- Although elephants are not aggressive, they will attack if they have to defend their young or feel threatened.
- Male elephants which enter into “musth” can be extremely dangerous due to experiencing a hormonal surge.
- Males declare their violent intent by initiating a mock charge; females flap their ears, raise their heads and trunks, or wave a foot.
If you needed proof of the power of an adult elephant – this is it! The occupants of this safari jeep have an incredibly lucky escape and it teaches us that wild animals should always be respected.
Elephant Attack on a Safari Jeep
This is only a short clip but it contains a lot of action. The footage starts with the jeep moving towards a group of elephants that appear to be trumpeting a warning and look uneasy. Suddenly, a large adult elephant appears to the left of the truck. Without hesitation, the elephant lowers its head and pushes its forehead into the side of the truck. Even though this is quite a large truck, the elephant has no problem shunting it off the road and the footage becomes chaotic as the person operating the camera tries to stay in the truck and not fall out!
The action then cuts to a few minutes later and footage taken by someone in a following truck. The elephant is still visible on the other side of the now badly damaged truck but the occupants are leaving and fleeing to safety. The elephant, meanwhile, clearly feels that the threat has passed and is walking away.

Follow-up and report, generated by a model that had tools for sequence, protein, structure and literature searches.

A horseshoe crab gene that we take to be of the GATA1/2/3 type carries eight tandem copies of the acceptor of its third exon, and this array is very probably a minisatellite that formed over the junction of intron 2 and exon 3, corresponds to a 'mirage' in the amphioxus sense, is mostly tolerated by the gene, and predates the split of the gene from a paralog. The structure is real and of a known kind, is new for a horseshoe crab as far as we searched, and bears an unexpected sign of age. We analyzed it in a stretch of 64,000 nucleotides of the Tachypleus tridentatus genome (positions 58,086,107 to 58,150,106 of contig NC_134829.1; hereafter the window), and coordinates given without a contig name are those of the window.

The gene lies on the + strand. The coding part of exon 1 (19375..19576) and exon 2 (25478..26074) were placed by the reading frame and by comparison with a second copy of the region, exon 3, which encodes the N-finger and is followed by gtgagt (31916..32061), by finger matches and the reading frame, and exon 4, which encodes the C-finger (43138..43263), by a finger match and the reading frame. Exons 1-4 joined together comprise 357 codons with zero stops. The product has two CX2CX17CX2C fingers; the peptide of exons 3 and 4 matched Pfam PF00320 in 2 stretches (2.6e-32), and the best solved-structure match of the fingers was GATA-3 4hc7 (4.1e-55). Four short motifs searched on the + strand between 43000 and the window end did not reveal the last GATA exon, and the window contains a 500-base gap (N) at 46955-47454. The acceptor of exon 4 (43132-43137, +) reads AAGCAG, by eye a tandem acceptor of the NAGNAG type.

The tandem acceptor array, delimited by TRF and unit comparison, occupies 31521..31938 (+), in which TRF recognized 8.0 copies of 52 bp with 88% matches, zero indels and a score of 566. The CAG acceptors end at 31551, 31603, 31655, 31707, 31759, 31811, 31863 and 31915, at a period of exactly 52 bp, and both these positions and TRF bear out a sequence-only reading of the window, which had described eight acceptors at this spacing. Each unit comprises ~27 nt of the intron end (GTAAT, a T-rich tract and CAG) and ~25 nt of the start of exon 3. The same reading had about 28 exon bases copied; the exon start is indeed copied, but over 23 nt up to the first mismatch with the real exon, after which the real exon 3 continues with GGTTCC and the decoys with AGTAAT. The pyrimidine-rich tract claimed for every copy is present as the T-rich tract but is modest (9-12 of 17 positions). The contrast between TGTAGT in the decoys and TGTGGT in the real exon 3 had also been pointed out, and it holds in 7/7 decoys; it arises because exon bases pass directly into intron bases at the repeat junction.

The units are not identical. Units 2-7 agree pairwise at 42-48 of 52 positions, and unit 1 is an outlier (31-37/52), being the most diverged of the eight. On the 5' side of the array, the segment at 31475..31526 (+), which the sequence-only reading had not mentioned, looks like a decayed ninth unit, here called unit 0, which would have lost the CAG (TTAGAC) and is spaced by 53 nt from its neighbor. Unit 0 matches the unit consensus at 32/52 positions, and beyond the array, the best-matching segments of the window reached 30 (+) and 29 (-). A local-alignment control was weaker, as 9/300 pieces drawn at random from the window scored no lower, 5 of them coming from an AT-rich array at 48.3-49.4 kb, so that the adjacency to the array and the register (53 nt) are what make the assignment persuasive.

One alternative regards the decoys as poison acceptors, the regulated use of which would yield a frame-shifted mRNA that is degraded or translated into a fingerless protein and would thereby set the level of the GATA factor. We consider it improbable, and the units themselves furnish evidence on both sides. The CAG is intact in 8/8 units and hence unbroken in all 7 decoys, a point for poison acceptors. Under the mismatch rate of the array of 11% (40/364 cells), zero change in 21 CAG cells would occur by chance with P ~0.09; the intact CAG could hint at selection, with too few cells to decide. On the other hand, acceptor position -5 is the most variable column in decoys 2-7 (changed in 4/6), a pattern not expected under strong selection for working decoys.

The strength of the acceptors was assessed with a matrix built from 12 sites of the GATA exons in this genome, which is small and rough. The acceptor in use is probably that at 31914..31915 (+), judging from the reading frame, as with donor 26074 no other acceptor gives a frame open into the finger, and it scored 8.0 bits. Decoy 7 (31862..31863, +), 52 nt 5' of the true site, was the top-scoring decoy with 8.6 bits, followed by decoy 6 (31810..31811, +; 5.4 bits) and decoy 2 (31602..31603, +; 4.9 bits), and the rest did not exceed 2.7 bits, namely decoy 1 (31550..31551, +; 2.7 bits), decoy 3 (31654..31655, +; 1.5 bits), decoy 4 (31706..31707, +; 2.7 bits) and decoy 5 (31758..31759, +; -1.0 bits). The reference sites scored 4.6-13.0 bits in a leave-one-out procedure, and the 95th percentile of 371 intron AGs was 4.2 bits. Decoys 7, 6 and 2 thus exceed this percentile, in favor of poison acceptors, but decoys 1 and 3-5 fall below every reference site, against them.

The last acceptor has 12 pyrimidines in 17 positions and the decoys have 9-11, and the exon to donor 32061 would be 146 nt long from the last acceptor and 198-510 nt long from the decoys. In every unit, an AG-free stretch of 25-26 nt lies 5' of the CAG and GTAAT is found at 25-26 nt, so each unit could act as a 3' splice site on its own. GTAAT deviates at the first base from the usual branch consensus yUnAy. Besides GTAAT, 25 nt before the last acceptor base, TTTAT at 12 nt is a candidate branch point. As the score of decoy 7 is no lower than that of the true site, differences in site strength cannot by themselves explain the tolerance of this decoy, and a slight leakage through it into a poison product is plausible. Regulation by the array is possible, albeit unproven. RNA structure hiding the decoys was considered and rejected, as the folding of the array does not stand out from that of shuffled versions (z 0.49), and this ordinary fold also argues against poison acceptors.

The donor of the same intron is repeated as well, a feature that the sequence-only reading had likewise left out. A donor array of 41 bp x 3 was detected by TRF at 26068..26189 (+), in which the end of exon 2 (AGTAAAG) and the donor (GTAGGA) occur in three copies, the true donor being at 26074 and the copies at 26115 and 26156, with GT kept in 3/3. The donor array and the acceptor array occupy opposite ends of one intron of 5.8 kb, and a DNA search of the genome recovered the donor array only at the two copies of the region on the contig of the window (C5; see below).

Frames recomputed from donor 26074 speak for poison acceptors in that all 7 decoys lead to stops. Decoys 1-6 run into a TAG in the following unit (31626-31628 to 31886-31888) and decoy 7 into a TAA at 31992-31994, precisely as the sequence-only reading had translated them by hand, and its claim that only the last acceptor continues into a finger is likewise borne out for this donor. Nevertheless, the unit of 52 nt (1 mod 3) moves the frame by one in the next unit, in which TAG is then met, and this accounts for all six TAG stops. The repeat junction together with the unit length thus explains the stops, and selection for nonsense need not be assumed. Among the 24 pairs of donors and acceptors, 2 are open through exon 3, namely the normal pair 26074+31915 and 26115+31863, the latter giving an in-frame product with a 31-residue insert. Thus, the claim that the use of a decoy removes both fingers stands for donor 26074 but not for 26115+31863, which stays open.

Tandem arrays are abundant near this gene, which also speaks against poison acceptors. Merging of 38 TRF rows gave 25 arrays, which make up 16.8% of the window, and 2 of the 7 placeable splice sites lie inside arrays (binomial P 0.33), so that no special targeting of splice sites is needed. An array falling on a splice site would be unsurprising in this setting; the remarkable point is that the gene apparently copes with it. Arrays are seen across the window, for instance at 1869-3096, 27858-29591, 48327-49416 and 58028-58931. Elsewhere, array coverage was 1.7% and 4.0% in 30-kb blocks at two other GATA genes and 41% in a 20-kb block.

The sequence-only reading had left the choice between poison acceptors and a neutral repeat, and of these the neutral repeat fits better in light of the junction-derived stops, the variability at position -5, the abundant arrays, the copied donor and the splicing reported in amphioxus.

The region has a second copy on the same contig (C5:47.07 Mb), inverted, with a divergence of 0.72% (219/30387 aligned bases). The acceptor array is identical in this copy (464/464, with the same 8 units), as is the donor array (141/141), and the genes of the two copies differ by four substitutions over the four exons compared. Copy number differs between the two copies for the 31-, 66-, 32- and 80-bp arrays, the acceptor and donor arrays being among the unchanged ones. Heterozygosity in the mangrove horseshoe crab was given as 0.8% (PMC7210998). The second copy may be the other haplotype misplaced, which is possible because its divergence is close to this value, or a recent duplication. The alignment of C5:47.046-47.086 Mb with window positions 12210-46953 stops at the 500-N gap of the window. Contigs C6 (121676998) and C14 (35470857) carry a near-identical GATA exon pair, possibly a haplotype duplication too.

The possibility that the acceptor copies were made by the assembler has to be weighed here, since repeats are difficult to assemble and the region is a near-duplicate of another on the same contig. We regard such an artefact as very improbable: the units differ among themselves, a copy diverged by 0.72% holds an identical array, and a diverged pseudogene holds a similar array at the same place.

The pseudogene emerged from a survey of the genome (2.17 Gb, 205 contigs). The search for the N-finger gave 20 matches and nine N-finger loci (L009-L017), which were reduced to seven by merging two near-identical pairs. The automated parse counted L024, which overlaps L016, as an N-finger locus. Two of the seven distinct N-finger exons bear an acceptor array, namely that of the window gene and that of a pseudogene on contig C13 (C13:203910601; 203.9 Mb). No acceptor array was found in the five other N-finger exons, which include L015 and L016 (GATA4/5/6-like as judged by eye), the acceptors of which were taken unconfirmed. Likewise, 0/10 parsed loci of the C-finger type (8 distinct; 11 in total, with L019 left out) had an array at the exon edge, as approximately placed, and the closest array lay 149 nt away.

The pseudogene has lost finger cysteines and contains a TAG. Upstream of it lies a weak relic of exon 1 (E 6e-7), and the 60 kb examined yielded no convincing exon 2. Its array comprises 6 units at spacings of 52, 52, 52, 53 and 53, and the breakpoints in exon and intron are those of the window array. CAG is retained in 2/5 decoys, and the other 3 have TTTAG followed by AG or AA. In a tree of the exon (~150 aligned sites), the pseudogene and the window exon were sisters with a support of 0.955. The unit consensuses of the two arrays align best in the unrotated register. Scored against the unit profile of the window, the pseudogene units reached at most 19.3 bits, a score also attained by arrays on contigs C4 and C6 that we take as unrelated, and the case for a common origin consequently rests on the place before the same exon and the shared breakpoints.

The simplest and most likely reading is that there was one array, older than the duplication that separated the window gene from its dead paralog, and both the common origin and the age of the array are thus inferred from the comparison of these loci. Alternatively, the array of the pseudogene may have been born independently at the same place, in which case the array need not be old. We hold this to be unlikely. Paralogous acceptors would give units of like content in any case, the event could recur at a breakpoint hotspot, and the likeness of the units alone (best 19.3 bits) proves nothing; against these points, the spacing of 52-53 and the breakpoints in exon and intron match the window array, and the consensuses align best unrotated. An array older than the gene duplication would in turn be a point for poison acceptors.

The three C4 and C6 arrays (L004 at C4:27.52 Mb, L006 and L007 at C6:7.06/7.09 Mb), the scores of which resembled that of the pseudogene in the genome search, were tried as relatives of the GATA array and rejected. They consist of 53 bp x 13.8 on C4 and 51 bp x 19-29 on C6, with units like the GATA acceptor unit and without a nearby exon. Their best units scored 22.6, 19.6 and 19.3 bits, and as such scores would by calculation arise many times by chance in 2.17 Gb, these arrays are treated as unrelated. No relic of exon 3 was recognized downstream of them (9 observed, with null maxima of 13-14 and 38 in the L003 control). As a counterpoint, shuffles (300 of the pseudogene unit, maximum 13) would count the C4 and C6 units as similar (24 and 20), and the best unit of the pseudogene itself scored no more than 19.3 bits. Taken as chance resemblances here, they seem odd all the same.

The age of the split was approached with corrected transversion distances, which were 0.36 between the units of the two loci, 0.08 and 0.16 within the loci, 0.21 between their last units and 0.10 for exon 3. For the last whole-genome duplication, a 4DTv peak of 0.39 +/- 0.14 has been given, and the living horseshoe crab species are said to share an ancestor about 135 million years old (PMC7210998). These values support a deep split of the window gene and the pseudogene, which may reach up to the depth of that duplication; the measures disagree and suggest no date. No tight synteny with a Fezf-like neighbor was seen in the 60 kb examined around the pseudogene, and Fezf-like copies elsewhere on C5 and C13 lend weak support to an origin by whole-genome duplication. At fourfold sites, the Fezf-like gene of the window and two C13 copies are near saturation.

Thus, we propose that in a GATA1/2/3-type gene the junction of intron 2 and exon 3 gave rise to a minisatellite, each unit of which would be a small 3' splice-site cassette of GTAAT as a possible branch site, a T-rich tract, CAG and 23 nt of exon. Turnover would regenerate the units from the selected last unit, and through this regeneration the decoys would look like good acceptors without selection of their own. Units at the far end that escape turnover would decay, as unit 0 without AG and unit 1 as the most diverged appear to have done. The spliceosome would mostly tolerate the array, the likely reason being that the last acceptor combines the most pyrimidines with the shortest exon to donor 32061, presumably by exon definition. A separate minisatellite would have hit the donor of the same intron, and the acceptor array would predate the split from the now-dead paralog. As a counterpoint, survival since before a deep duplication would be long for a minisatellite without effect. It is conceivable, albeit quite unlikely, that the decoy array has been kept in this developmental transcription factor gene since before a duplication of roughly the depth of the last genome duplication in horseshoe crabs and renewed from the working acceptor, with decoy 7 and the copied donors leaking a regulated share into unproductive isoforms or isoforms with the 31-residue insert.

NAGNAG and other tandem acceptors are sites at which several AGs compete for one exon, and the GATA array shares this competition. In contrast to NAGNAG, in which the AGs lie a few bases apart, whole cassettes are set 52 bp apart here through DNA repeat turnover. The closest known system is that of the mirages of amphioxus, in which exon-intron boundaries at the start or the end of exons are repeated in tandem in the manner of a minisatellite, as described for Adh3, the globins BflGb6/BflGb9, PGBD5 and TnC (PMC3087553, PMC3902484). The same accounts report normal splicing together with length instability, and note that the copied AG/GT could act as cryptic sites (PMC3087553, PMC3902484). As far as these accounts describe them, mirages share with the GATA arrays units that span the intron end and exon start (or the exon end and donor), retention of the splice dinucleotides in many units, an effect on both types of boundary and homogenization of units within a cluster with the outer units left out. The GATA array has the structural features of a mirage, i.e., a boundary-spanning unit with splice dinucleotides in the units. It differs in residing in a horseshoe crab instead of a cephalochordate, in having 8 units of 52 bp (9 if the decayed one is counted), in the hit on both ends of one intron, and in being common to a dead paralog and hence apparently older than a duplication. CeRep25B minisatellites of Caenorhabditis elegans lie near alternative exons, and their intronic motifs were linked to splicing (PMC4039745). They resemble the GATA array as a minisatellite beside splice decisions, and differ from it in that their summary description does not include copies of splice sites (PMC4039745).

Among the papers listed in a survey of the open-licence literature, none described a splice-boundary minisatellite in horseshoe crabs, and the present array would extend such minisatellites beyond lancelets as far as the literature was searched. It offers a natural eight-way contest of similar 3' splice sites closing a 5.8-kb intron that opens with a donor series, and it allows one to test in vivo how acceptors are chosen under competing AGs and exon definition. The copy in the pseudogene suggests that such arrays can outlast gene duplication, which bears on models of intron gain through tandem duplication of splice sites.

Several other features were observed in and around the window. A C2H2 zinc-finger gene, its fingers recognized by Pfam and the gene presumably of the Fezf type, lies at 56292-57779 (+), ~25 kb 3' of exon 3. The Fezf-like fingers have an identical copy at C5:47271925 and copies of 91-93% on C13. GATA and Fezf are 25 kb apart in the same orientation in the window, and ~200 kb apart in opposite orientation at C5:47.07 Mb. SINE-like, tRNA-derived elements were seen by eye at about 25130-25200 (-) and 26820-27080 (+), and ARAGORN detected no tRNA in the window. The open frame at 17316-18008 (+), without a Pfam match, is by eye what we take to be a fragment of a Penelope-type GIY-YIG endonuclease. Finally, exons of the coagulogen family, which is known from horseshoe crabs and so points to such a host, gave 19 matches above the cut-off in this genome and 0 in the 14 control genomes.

Elephant Aggression and Behavior
Elephants are the largest land animal on the planet. They are found in parts of Africa and Asia and are herbivores eating mainly grass, roots and fruit. They can weigh up to 12,000 pounds.
In terms of behavior, elephants are complex. They are extremely intelligent and it is thought that they have self-awareness and self-recognition. Studies have also suggested that they may be able use tools, remember things and even mourn dead elephants.
These are peaceful animals that will not pick a fight unless they have to. Female elephants will, however, become extremely aggressive to protect their young and males will show aggression to display their dominance. Once a year, male elephants experience a stage called musth when their increased hormones causes them to be more confrontational. It is at this time that males are more likely to attack humans and there have even been fatalities.
Aggression in males is often indicated by a mock charge. In females, it is often preceded by the elephant spreading and then flapping her ears whilst staring at the threat. She may also raise her head and trunk, swing her foot or break off branches. Be warned!
Watch Elephants Stampede to a Family Reunion With Their Favorite Human
Watch an Elephant Battle a Crocodile to the Death
Watch a Desperate Tiger Challenge an Adult Elephant
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